Image courtesy of © Marco Samadelli via ScienceDaily. Click to enlarge.
When Oetzi the Iceman was found jutting out of a melting glacier in the Ötztal Alps on September 19, 1991, his discoverers, Erika and Helmut Simon, immediately noticed his tattoos—which, at more than 5000 years old, are some of the oldest documented tattoos in the world. Previous studies had analyzed and itemized the tats, but now, using a new, non-invasive technique he invented, Marco Samadelli, a scientist at the EURAC-Institute for Mummies and the Iceman in Italy, has mapped all of the mummy's tattoos for the first time—and discovered a previously unknown tattoo. The method and results of his study were published in Journal of Cultural Heritage.
Samadelli photographed Oetzi from various angles in the mummy's refrigerated cell at the South Tyrol Museum of Archaeology using a multi-spectral camera. "Each shot was taken seven times, using a different wavelength each time," Samadelli said in a press release. "This enabled us to cover the different depths at which the carbon powder used for the tattoos had been deposited. The ultraviolet waves were adequate for the upper skin layers, whilst we resorted to infrared light for the lower layers."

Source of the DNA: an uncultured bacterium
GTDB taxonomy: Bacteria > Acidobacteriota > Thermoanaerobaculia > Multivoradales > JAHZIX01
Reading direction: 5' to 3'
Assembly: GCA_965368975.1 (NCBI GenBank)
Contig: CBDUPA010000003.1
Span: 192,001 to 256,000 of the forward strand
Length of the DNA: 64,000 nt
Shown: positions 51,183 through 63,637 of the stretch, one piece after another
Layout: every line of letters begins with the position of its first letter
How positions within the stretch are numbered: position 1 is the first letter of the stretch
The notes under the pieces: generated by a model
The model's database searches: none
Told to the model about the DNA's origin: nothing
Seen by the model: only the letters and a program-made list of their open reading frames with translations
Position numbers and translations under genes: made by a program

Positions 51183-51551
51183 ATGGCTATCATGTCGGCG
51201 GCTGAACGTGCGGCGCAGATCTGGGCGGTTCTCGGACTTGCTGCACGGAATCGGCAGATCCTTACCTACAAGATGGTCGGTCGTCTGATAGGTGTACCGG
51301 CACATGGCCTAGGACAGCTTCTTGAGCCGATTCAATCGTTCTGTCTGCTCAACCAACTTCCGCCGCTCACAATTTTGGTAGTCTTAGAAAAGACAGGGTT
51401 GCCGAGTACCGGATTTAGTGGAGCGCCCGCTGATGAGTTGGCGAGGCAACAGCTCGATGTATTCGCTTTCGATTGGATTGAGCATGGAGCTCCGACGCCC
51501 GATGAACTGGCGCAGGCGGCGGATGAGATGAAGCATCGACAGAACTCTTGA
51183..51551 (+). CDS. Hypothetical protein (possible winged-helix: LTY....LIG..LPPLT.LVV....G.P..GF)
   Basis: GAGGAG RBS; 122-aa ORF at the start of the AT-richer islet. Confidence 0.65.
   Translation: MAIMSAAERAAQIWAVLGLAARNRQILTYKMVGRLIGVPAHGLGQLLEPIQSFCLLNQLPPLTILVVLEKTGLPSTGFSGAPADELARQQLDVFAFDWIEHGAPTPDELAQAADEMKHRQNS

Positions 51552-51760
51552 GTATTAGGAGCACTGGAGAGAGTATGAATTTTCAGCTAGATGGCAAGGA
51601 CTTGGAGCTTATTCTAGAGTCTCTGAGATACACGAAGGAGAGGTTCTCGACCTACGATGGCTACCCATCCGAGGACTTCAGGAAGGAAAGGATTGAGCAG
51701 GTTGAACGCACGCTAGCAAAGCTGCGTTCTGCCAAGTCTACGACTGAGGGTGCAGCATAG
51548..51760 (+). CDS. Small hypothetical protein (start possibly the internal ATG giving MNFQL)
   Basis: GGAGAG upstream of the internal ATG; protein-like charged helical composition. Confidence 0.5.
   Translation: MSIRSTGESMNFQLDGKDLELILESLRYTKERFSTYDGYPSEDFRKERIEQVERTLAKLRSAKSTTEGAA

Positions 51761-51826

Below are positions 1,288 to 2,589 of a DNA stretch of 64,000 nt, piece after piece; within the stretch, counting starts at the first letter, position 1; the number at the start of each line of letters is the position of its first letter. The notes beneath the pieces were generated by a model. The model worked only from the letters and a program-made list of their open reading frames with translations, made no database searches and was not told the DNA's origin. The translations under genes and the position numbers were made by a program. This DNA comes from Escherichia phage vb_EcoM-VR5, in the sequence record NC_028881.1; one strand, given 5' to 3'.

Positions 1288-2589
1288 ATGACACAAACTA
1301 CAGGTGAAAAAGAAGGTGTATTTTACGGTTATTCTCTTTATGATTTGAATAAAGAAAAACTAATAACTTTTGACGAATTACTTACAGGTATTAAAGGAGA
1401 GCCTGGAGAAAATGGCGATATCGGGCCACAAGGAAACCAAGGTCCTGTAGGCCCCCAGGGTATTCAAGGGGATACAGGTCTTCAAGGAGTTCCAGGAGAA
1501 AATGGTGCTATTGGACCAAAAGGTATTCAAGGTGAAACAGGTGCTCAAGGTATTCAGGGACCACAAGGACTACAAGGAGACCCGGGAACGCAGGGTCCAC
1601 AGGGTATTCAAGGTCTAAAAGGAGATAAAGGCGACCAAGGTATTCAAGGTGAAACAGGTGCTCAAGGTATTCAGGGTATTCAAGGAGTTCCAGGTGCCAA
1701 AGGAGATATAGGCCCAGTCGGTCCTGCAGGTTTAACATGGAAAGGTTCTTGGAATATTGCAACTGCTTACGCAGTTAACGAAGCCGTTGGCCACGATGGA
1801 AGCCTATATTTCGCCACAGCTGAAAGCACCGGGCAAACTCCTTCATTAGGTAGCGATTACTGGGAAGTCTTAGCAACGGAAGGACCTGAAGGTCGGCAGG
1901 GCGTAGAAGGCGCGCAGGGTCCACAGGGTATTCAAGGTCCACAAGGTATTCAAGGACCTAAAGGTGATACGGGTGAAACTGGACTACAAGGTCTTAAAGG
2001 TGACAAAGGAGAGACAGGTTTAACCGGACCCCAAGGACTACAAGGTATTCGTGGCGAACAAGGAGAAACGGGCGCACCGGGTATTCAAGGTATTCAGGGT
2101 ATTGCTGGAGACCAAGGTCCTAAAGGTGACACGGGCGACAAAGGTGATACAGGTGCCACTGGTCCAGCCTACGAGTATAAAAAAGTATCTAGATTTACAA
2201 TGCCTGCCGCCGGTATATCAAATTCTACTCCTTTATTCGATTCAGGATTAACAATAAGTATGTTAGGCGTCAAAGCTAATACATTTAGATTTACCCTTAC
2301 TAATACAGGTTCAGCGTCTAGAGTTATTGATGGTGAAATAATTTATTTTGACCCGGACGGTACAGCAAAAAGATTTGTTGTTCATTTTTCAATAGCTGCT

The different wavelengths revealed tattoos deep in the skin and invisible to the human eye. Oetzi has 61 markings, which consist mostly of parallel lines in groups of two, three, or four between 0.7 and 4 centimeters long. (There are also two crosses.) The newly discovered ink, located on Oetzi's rib cage, wasn't noticed earlier because the mummy's skin had darkened so much.
Because most of the mummy's tattoos are located on the lower back and along the leg between the knee and the foot, researchers had speculated that perhaps the markings were used as part of some kind of treatment—maybe an early form of acupuncture—while others believe that the markings might have symbolic or religious significance. Oetzi's rib tattoo will undoubtedly give the researchers more to consider.